We had the Save Sweet Briar campaign up and running in days. Alumnae I'd never heard of from places I'd never been are talking to us, sending us food, and just generally being amazing people. Seeing hundreds of students and graduates come together to fight for their school has been a wonderful and humbling experience.
Save Sweet Briar
Seriously, 13 million and counting.
But elsewhere, the campus has basically gone chaotic neutral. I'm not saying that packs of feral coeds are devouring everybody left outside after sundown, but people are stealing shit from shower baskets, racking up underage drinking violations, and tearing apart buildings trying to get a piece of memorabilia. I completely understand the impulse -- this place took years of your life and tens of thousands of dollars of your money; the least you deserve is some copper wiring and a mascot head -- but pillaging should be reserved for the post-graduation party, or at the very least, a really unexpected win by the local sports team.
"Uh, didn't we lose?"
"Oh, I don't even watch sports."
It's Not Just A Women's College Issue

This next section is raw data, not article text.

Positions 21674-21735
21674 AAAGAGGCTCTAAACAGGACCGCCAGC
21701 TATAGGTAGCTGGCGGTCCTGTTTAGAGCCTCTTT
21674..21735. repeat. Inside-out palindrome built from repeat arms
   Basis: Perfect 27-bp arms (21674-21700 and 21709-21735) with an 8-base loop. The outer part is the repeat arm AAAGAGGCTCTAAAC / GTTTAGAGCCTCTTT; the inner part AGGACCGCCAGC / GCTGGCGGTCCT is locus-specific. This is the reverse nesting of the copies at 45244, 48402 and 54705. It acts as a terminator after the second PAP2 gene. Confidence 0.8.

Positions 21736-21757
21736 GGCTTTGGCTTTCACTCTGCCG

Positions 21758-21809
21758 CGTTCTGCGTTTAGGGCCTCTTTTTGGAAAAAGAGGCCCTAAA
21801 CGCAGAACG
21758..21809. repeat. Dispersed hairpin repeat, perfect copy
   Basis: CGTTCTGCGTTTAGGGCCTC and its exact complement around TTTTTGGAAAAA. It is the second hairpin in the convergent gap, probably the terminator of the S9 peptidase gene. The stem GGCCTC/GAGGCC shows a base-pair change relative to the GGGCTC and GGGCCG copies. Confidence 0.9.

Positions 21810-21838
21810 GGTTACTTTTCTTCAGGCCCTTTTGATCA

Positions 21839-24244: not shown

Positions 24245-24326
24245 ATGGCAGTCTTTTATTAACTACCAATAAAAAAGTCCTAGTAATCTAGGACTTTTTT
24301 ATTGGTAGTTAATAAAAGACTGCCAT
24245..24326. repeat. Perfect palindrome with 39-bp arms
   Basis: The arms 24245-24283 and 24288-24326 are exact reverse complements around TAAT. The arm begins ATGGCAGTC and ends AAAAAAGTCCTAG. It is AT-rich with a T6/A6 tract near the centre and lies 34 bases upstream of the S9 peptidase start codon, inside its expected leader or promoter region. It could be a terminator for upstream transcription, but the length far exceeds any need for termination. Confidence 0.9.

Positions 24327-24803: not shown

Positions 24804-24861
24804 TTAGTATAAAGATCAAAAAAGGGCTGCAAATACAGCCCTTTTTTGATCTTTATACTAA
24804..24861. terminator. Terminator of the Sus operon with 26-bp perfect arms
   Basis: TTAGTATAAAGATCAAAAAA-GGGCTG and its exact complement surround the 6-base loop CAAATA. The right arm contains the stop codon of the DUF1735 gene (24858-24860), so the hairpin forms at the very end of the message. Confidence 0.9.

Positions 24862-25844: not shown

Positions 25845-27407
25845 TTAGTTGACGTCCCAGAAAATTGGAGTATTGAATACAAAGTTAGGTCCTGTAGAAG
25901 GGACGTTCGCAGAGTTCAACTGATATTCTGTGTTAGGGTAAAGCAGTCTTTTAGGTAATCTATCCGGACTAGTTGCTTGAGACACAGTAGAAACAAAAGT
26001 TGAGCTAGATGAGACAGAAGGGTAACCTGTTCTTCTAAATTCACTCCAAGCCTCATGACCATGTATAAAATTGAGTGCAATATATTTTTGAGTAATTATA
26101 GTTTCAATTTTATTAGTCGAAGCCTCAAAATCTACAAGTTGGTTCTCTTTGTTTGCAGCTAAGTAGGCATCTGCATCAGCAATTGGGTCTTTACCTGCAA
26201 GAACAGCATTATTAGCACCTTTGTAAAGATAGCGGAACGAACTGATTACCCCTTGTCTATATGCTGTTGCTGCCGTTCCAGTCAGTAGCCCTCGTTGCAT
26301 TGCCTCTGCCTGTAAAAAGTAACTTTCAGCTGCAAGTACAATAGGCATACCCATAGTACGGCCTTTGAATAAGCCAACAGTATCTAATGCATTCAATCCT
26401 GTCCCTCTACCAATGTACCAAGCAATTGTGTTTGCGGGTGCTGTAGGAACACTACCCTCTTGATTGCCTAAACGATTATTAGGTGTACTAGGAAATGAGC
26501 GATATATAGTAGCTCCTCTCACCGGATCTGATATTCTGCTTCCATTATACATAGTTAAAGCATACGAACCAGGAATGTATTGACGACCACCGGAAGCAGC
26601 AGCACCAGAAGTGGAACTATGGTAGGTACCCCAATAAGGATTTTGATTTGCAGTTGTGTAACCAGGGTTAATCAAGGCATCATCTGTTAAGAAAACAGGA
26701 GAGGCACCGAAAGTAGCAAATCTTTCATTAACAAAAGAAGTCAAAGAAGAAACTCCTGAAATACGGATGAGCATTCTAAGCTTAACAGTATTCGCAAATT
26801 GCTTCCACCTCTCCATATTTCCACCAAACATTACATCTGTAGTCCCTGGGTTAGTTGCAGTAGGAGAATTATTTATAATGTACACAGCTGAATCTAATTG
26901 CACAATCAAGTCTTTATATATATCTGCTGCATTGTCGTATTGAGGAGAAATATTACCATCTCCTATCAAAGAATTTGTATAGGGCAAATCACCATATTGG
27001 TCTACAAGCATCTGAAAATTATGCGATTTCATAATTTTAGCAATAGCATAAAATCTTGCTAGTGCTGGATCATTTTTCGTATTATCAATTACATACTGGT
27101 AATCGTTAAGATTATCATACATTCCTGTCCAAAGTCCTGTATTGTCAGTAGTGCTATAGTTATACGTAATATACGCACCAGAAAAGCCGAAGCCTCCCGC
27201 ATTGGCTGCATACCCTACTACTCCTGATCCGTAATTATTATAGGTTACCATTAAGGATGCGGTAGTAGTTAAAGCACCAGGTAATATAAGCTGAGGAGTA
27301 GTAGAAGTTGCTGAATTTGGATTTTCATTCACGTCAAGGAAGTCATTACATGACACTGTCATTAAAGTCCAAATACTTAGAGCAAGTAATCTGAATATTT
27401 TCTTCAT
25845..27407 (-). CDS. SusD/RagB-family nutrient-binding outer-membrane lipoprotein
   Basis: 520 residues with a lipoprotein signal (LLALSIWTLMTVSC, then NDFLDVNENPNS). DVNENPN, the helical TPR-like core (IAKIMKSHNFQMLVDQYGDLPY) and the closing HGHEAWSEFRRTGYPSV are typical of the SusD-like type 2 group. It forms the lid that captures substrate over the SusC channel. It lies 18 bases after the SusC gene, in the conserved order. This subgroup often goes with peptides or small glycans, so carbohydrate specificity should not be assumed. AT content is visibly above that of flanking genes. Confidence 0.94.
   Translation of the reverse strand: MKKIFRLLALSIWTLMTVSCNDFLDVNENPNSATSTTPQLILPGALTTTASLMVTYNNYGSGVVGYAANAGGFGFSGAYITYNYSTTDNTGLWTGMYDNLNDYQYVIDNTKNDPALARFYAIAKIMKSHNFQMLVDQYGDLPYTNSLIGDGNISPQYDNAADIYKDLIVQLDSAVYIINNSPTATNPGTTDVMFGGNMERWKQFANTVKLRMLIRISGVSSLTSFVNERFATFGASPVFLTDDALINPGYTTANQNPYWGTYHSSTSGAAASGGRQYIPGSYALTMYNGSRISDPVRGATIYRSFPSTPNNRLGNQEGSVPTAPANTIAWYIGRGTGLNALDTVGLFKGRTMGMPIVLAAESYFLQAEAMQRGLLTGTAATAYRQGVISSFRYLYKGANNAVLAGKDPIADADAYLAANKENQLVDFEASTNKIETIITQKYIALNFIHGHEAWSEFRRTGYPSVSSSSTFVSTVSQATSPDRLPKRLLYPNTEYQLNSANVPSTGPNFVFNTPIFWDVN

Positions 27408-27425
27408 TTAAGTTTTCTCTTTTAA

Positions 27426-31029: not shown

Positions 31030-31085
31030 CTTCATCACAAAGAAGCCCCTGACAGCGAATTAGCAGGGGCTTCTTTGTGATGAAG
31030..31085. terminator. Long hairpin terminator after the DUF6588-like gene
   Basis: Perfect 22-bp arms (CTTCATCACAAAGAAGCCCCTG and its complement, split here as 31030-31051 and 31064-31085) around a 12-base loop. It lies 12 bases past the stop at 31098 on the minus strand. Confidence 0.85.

Barry Austin Photography/Photodisc/Getty
To the average person, the whole Sweet Briar controversy is nothing but a bunch of snooty rich girls acting all emotional because our finishing school is closing. Here are a few of the comments I saw right after the announcement, from some folks who could have used a college education of their own.
"Locker room interviews aren't the same if you have to wait till people are out of the locker room!"
Like all women's colleges, there's the idea that Sweet Briar is just a pretty resort where rich girls can spend four years trying to land a husband. Boys are nice, and I'm happy to attend their parties, but we're primarily here to learn in a safe environment. And places where we can do that are dying out: In 1960 there were 230 women's colleges in the United States and Canada -- now there are 47.
But don't think of it as a women's college issue. This is about specialized schools, period: Six of the States' 60 dental schools collapsed in the 1980s, and now it's looking like law schools could be next. Even if you aren't a dentist, a lawyer, or a woman, this is a problem you might have to deal with in the near future: Total college enrollment dropped by half-a-million from 2012 to 2013. Sweet Briar won't be the last college to close. And my friends and I won't be the last bunch of graduates wondering if we just paid tens of thousands of dollars for some funny-looking paper.
"If I wanted that, I would have been a philosophy major."
You can learn more about the campaign to save Sweet Briar here. Or save Mark's self-esteem by visiting his website.
For more insider perspectives, check out 5 Realities of Life When Your Brain Wants You to Murder and Kids Want to Finger Your Butt: Adventures In Teaching Abroad.
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